- Material groups are only copied from the reference shop; if material groups are assigned at the department store level (to procure articles that are not passed on to consumers), these material groups must not be passed on to the shops.
n one embodiment, debit-side site master data includes:
- a) Initial screen
- Organizational levels of the site
- b) Control
- Account control
- Tax information
- Reference data/region
- c) Additions—blocking data
- Posting block
- Sales blocks
- d) Additions—deletion flags
- Deletion flags
- Deletion blocks
- e) Environment—Additional user data (central)
- Freely definable attributes
- For condition determination and pricing
- f) Marketing
- Key performance indicators
- g) Payment transactions
- Bank details
- Payment transactions
- Alternative payer in document
- h) Payment transactions—payment cards
- i) Payment transactions—bank data
- j) Payment transactions—alternative payer
- k) Unloading points
- l) Unloading points—goods receiving hours
- m) Foreign trade
- SD export data
- Military classification
- n) Contact persons
- o) Contact persons—sales call times
- p) Contact persons—details
- Header data
- q) Account management—accounting
- Account management
- Interest calculation
- Reference data
- Default data for tax reports
- r) Payment transactions—accounting
- Payment data
- Automatic payment transactions
- Payment advice notes
- s) Accounting correspondence
- Dunning data
- Payment notice to
- t) Insurance—accounting
- u) Sales—sales area
- Agency business
- v) Sales—sales area—product attributes
- w) Shipping—sales area
- Partial deliveries
- General shipping data
- x) Billing—sales area
- Terms of delivery and payment
- y) Taxes—sales area
- z) Taxes—sales area—licenses
- aa) Partner functions—sales area
In one embodiment, no credit-side site master data is defined for shops (stores) in the standard case, no copy logic is required for credit-side master data.
Field groups are also provided with reference level “reference shop. The fields in the following maintenance screens or subscreens are copied from the reference shop, assuming one was selected. Otherwise, the data is taken from the department store level.
For general site master data, the following fields are taken:
- a) Valuation/inventory management
- b) Listing/requirements planning
- Requirements planning
- c) Purchasing/distribution
- With exception of the supply region, which is copied from the department store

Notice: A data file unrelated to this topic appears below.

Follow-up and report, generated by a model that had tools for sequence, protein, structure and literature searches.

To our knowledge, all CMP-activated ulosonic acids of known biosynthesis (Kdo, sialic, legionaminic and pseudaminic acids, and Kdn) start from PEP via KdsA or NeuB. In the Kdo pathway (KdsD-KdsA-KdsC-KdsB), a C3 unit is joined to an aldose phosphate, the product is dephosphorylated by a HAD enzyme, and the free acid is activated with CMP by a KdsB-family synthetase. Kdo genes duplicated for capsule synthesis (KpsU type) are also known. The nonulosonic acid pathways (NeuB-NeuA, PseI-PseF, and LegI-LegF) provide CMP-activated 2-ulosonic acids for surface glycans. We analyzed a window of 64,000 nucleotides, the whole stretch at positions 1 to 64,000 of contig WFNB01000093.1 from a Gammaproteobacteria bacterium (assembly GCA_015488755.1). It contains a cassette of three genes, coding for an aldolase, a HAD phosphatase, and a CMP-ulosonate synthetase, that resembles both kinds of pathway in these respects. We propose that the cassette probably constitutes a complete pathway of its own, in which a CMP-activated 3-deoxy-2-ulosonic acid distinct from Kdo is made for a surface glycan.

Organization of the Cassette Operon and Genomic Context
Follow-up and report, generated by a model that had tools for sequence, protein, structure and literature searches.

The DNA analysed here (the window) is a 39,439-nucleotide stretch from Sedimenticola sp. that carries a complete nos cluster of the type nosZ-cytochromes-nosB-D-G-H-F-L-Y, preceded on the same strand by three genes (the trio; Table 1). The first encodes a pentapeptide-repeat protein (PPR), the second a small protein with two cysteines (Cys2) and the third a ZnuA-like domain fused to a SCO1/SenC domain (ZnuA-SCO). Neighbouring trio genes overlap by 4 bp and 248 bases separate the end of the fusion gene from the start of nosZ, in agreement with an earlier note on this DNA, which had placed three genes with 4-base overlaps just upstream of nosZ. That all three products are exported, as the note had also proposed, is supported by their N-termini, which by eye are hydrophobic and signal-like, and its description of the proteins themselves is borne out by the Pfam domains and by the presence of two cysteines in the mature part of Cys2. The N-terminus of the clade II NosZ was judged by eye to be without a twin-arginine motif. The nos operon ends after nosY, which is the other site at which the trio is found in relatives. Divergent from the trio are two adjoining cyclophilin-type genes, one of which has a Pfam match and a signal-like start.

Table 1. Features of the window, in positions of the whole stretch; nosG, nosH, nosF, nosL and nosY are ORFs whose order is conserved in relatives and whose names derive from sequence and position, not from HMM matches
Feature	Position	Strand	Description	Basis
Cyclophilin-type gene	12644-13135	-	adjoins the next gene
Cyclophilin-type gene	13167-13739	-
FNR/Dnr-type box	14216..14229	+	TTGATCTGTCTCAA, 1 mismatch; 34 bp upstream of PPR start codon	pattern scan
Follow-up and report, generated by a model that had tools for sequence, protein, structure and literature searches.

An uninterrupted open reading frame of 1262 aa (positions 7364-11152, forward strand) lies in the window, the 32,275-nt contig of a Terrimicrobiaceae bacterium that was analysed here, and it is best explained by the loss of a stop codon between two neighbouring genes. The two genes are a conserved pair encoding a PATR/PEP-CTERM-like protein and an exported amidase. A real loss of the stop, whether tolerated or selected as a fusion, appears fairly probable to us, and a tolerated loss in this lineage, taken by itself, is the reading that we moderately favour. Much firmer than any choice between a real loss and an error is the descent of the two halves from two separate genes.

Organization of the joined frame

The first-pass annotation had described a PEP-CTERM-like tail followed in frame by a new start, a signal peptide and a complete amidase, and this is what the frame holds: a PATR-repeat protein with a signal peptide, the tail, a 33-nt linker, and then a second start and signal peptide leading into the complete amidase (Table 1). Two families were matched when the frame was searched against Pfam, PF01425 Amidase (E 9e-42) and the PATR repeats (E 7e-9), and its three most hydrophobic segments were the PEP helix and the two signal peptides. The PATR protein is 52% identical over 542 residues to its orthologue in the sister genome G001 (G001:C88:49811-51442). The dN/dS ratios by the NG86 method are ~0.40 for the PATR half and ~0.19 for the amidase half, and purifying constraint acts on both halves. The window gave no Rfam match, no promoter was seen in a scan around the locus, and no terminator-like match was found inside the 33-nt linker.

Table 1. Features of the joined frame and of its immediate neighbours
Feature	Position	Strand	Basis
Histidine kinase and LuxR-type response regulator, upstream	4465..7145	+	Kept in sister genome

- d) Layout/blocks
- e) Material groups
The assignment of supplying sites at the material group level is not copied by default, because there is no way to ensure that the supplying site of the reference shop and the supplying site for the new shop are identical for the involved material group. In one embodiment, a user exit must be provided here to enable user-specific logic.
The debit-side site master data includes:
- a) Environment—Additional user data (central)
- Freely definable attributes
- For condition determination and pricing
- b) Marketing
- Key performance indicators
- c) Sales—sales area
- d) Sales—sales area—product attributes
Since no credit-side site master data is defined for shops (stores) in the standard case, no copy logic is required for credit-side master data.
Furthermore, shop-specific fields are provided. Shop-specific maintenance of the following fields must be possible immediately when creating a new shop, either because no default value can be derived from the department store or a reference shop, or a shop-specific value has to be entered.
For general site master data the following fields are included:
- a) Address
- Street address: room and floor
- Communication: phone extensions (phone and fax)
- b) Layout/blocks
- Layout data: Selling area (including unit of measurement)
- c) Opening times
- Opening/closing: Opening date (should be possible to enter in the header area for dialog maintenance and then used as the default value for all shops)
Debit-side site master data includes:
- a) Environment—Additional user data (central)
- Freely definable attributes
- For condition determination and pricing
- b) Marketing
- Key performance indicators
- c) Contact persons
- d) Contact persons—sales call times
- e) Contact persons—details
- Header data
- f) Sales—sales area
Again, because no credit-side site master data is defined for shops (stores) in the standard case, no copy logic is required for credit-side master data.
Closing a shop initiates a multilevel process chain, during which several temporally independent processing steps are run. In one embodiment, closing a shop starts with the entry of a closing date for the shop and setting certain block statuses that restrict the operational use of the shop in procurement and sales processes, follow-on processing includes delisting the articles that are managed in the shop's assortments and ultimately archiving the shop. When all the shops of a department store have been closed, the department store itself can be closed.